I haven’t played very many video games lately. I’ve racked my brain for two weeks straight, trying to motivate myself to play something new and exciting—something worth writing passionately about—but I’ve come up empty each and every time. I’ve got a shitty new job. Working there nearly every day these past few weeks, my head filled with the ambient buzz of couples arguing over brands of bacon, children kicking and screaming in shopping carts, and the persistent beep…beep…beep of checkout counters, most video games just did not appeal to me by the time I got home—there’s just so much involved in them. Too many things I’d be forced to do to progress. Too much gunfire, grunting, and the clanging of swords. And…eugh…puzzles.
Animal Crossing was a game that was truly about nothing, and the Seinfeld fan in me rejoiced at that concept.
I’d planned to play so many games—Azrael’s Tear, maybe replay Mass Effect—but even the prospect of plugging in my mouse had me searching for something else, anything else to do. I was procrastinating video games the way a student procrastinates studying for finals. Katamari Damacy’s time limits were stressing me out, and even TripleTown’s ninja bears proved too much for my brain to handle.
Sometimes, even the most avid games enthusiasts fall victim to the sensory overload that their hobby can induce. So during my past few weeks of inactivity, in what little spare time I managed to set aside for video games, the only one I’ve been able to bring myself to play is… Animal Crossing: City Folk.
Yeah, I went there—Animal Crossing—the game where you spend hours upon hours fishing, digging up fossils, tending to flowers, and paying off extortionate, impossible debts. It is, to put it eloquently, relaxing as fuck. When I was an awkward pre-teen, another awkward pre-teen friend of mine introduced me to Animal Crossing for Gamecube. It was a revelation—a video game where the only objective was to pay off a hefty mortgage at your own pace? Until then, my experience with games had told me that they were all about solving problems, saving the world, and underwater escort missions. Animal Crossing was a game that was truly about nothing, and the Seinfeld fan in me rejoiced at that concept.
I love the freedom of creating clothing patterns, and spending the in-game currency on useless things without having to worry about missing a payment deadline and hurting my credit score.
While it’s somehow never managed to come up when asked about my favorite games of all time, I’ve been a loyal fan of the Animal Crossing series ever since. Wild World was one of the first games I bought for my Nintendo DS, and City Folk admittedly played a large role in my decision to buy a Wii. I’ve abandoned towns countless times, returning months later to a place inhabited largely by weeds and rafflesias and ultimately deciding to start anew-- but I always do return. The allure of characters as adorable as Pascal and Blathers combined with the draw of managing a small fictional world without the headache of actually having to think about what I’m doing is just too much to pass up. I love loading up my game each day to see if my gardening has yielded me any pretty hybrids, or discussing with my animal neighbors the merits and woes of eating fifty pounds of peach cobbler. I love the freedom of creating clothing patterns, and spending the in-game currency on useless things without having to worry about missing a payment deadline and hurting my credit score.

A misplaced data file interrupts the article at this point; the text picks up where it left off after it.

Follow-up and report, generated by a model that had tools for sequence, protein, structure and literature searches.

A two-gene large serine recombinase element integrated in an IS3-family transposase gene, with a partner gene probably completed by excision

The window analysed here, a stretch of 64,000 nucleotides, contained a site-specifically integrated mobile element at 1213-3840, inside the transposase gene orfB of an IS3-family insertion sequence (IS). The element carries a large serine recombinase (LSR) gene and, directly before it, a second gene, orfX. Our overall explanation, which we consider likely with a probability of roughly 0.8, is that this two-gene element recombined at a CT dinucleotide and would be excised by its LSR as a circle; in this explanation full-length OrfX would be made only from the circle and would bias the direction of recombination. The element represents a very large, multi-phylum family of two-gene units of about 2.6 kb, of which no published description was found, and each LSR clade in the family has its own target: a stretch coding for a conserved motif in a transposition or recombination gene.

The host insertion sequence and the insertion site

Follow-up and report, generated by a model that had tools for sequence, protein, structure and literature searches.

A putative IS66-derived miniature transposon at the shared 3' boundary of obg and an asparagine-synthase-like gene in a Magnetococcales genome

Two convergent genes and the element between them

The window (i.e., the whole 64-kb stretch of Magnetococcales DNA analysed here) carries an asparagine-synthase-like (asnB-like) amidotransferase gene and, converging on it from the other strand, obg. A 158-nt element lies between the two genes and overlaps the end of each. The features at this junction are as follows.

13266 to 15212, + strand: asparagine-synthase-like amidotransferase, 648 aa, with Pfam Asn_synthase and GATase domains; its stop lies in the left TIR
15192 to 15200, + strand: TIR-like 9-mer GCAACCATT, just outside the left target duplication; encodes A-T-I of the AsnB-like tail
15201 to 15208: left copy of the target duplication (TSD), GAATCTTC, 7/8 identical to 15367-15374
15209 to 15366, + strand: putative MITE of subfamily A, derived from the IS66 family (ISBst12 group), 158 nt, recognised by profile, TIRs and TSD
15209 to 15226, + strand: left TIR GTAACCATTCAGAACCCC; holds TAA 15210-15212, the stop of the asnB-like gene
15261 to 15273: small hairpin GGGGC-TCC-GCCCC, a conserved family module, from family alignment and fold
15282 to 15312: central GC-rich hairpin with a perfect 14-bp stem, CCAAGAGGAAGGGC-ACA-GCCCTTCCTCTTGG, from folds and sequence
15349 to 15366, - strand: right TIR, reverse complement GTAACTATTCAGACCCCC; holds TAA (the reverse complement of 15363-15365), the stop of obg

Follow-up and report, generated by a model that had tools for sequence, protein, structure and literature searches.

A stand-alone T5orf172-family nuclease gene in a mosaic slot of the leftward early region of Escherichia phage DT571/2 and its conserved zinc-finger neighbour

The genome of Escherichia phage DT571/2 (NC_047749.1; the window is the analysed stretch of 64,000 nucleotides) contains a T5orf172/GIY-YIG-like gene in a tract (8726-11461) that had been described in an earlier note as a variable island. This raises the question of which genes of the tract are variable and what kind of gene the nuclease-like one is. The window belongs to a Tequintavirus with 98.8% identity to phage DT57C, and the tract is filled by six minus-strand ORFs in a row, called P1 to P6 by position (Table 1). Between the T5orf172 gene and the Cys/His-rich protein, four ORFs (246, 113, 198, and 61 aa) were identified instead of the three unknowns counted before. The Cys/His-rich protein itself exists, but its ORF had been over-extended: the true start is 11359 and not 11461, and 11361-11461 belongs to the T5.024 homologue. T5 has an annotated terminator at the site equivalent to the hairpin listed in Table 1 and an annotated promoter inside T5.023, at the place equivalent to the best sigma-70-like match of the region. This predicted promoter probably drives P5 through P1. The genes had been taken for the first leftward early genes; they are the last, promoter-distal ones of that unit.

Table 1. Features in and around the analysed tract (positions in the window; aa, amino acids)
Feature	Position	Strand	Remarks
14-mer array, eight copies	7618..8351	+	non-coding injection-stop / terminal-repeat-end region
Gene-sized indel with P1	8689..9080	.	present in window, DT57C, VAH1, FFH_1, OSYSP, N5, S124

Similar games just don’t do this for me. Harvest Moon is a relaxing series for sure, what with all its pleasant characters and marriageable ladies and the looking after of crops—but miss a day of watering? Fail to woo your lady of choice? You’ve just screwed yourself over, my friend. But the possibility of screwing yourself over doesn’t really exist in Animal Crossing. The Sims brings about the same brain-usage dilemma, where rather than a life simulator it becomes a puzzle in which the objective is to figure out how to ensure your characters have time to sleep, eat, poop, climb their respective career ladders, eat, and then sleep again each day without their kids/spouses/friends/dogs dying of neglect.
Don’t get me wrong—I love the stress of ruling over island nations in Tropico, the intensity of fighting off hordes of zombies in Left 4 Dead 2, and the anxiety associated with sneaking past guards in Metal Gear Solid (the alert sound still makes my heart skip a beat every time)—but when I’m trying to use video games as a means to unwind, am I the only one that feels like the aforementioned are pretty counterproductive in that regard?
This is silly. I know, I know, I know. How lazy can I possibly be if I’m in such a slump that I can’t muster up the energy to do something as low-impact as lying on the couch playing video games? But sometimes everyday life is so full of crap that you’re forced to retreat to an everyday life simulator to make up for the pleasant dullness you’ve missed out on. Sometimes, even “casual” games aren’t casual enough to suit this purpose. Sometimes, you just don’t feel like using your brain, but you still would also really like to sit in front of a glowing rectangle and move shapes around in a vaguely coherent fashion with absolutely no end-goal, and I know of no games series more suitable to this purpose than Animal Crossing.